The God of Unbelievers #2: Absence

(If you’re interested, here’s part 1)

I arrived from work and entered my house, saw a few lights on and assumed my roommates were at home. I enter my room, change clothes, go to the kitchen prep something to eat, go downstairs get my laundry done, come back to the kitchen, and realize that everything is a bit too quiet. I call their names, nobody answers. I am, after all, alone.

Next day, I come home and all is dark, I don’t hear a sound, so I turn on my music and sit down to relax for a bit. I cook something, wear something comfortable, all is so good.

Hey man!

The musical silence inside my head is broken; I am not alone.

Light and darkness, presence and absence. My experience at home is but a shade of the dance that is life with(out) God.

Sometimes the world is bright, specially inside church, inside home. There is a positive light over everything, there are hymns and gospel songs and everyone tells you “God bless you!“. God’s love is reaffirmed over and over through song and preaching and all possible repetition. We drill down over and over again what is the gospel (usually we really mean Pauline Substitutionary Atonement) and our protestant theology of faith alone, we weave the doctrines of Grace into every conversation, and it makes us feel so sure that God is there. All is so bright, and we have so much purpose.

But sometimes, sometimes, amidst all the music and noise, we feel alone. If we are brave, we might even question “what in the world are we doing?“.

Most often, however, the world is dark. So dark that we do everything in our power to avoid thinking about it. We try to muffle it with all our noise and screens and busy-ness, but the facts remain: This past century had the most genocides and bloodshed of all of human history: yes, our modern and civilized society, our very well educated, moral, advanced society, has shed blood and done carnage beyond what generations would ever conceive. We exceeded all barbarians, and with much more class too. We have systematic oppression of millions and billions of people for the profit of bankers and corporations, we have modern slavery, sexual slavery, biological weapons, medical systems that would rather have you eat stuff that will make you sick so you buy pharmaceutics than have you live a healthy lifestyle… You can look up the details and the number of deaths in conflicts in Eastern Europe, Middle East, South America, Africa, so often in the name of God, but mostly in the name of Power and Money. Today, yesterday. In the past ten years. Think about North Korea. Think about first world countries drowning their own population in debt and selling the American dream for people who will finish their education and never work in their fields. Think about all the food and energy and things that first world countries’ people waste, over and over again, things for which many would give everything to have. Think about all the churches that affirm these values every Sunday. Think about all the stupid things people do because they believe stupid things about God or themselves. Think about the scars in your own heart. Think about those you have hurt. Think about all those who do not care. Think about how you, yourself, don’t want to care anymore.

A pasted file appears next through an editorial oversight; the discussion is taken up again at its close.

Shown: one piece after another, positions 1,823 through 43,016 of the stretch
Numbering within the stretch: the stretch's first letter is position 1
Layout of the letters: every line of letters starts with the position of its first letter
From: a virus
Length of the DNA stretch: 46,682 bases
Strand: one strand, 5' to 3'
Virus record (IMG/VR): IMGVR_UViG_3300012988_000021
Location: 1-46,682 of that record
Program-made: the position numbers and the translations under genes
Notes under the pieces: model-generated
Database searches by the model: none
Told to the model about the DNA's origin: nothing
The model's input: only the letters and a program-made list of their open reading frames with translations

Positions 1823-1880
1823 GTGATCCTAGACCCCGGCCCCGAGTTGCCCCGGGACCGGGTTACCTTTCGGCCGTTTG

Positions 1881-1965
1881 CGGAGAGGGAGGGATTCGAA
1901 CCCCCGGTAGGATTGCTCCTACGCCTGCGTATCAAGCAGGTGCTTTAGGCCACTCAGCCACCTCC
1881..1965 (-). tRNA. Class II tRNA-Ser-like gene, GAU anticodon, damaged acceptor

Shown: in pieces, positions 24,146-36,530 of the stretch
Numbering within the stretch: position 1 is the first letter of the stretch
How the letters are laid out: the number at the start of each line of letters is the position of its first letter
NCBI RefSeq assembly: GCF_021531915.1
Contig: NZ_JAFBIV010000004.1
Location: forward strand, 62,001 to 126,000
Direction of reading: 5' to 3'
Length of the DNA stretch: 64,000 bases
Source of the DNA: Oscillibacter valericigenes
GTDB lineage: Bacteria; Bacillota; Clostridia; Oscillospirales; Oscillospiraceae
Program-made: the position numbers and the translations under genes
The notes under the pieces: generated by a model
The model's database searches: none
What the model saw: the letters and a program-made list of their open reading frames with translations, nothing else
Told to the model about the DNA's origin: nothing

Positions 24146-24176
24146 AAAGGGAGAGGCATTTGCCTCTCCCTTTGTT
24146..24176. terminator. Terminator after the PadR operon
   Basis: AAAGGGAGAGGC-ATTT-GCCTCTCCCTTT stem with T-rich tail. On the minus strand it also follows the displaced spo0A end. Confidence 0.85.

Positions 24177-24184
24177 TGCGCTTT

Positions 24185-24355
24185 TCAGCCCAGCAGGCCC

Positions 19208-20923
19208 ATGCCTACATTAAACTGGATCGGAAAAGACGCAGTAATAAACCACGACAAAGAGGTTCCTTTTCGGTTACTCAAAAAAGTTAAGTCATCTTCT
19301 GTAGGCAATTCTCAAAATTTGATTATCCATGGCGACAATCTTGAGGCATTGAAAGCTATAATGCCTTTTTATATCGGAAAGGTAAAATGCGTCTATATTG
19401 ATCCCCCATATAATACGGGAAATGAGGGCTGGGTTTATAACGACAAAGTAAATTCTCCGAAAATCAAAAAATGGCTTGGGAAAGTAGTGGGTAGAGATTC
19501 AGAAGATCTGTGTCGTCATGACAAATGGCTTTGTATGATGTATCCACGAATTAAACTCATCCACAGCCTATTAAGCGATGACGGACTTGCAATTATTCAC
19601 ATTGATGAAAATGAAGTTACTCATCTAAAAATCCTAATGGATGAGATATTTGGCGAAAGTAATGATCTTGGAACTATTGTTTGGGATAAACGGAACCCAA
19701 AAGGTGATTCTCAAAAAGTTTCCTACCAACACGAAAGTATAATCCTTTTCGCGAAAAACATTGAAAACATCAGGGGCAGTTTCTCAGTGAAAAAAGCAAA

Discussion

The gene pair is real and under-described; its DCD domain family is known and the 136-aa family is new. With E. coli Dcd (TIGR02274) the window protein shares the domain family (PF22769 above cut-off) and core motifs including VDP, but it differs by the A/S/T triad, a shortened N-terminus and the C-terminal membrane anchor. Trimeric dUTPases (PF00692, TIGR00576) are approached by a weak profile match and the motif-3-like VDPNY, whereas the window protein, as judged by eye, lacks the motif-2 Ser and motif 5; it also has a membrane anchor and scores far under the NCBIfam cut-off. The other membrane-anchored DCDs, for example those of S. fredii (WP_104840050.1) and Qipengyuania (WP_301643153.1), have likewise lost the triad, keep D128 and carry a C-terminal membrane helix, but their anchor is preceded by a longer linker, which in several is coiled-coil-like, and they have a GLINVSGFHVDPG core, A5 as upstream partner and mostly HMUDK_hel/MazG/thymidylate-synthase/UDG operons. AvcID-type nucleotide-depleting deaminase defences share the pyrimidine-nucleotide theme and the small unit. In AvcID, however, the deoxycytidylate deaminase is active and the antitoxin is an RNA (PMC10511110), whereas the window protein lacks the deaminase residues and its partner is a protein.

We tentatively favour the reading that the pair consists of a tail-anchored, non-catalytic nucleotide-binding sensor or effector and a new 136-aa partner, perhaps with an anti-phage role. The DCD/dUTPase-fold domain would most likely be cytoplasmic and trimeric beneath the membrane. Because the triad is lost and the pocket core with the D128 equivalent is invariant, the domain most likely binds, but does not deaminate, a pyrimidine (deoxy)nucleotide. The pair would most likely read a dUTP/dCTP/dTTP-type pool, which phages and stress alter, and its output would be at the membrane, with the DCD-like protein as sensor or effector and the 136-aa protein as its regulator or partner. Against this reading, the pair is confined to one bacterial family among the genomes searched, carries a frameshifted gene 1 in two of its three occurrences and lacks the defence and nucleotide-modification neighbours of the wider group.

All is dark. All is meaningless.

Yet “He made darkness his covering, his canopy around him“. In the darkness, strangely, you find Him. I cannot really explain this, language fails. But if you know Him, you know what I mean.

I understand the human delusion with God. Sometimes I think that I understand God’s delusion with humankind, too. To me, any theology or religious talk that does not take these two seriously should not ever be allowed outside their ivory towers. Too much harm has already been done by heartless religion.

What is amazing is that in this mutual delusion, in this mutual absence and removal, in this enmity and bitterness, there is presence. In Love, God refuses to let go of Man. In repentance, Man turns to God. In forgiveness, we are found.

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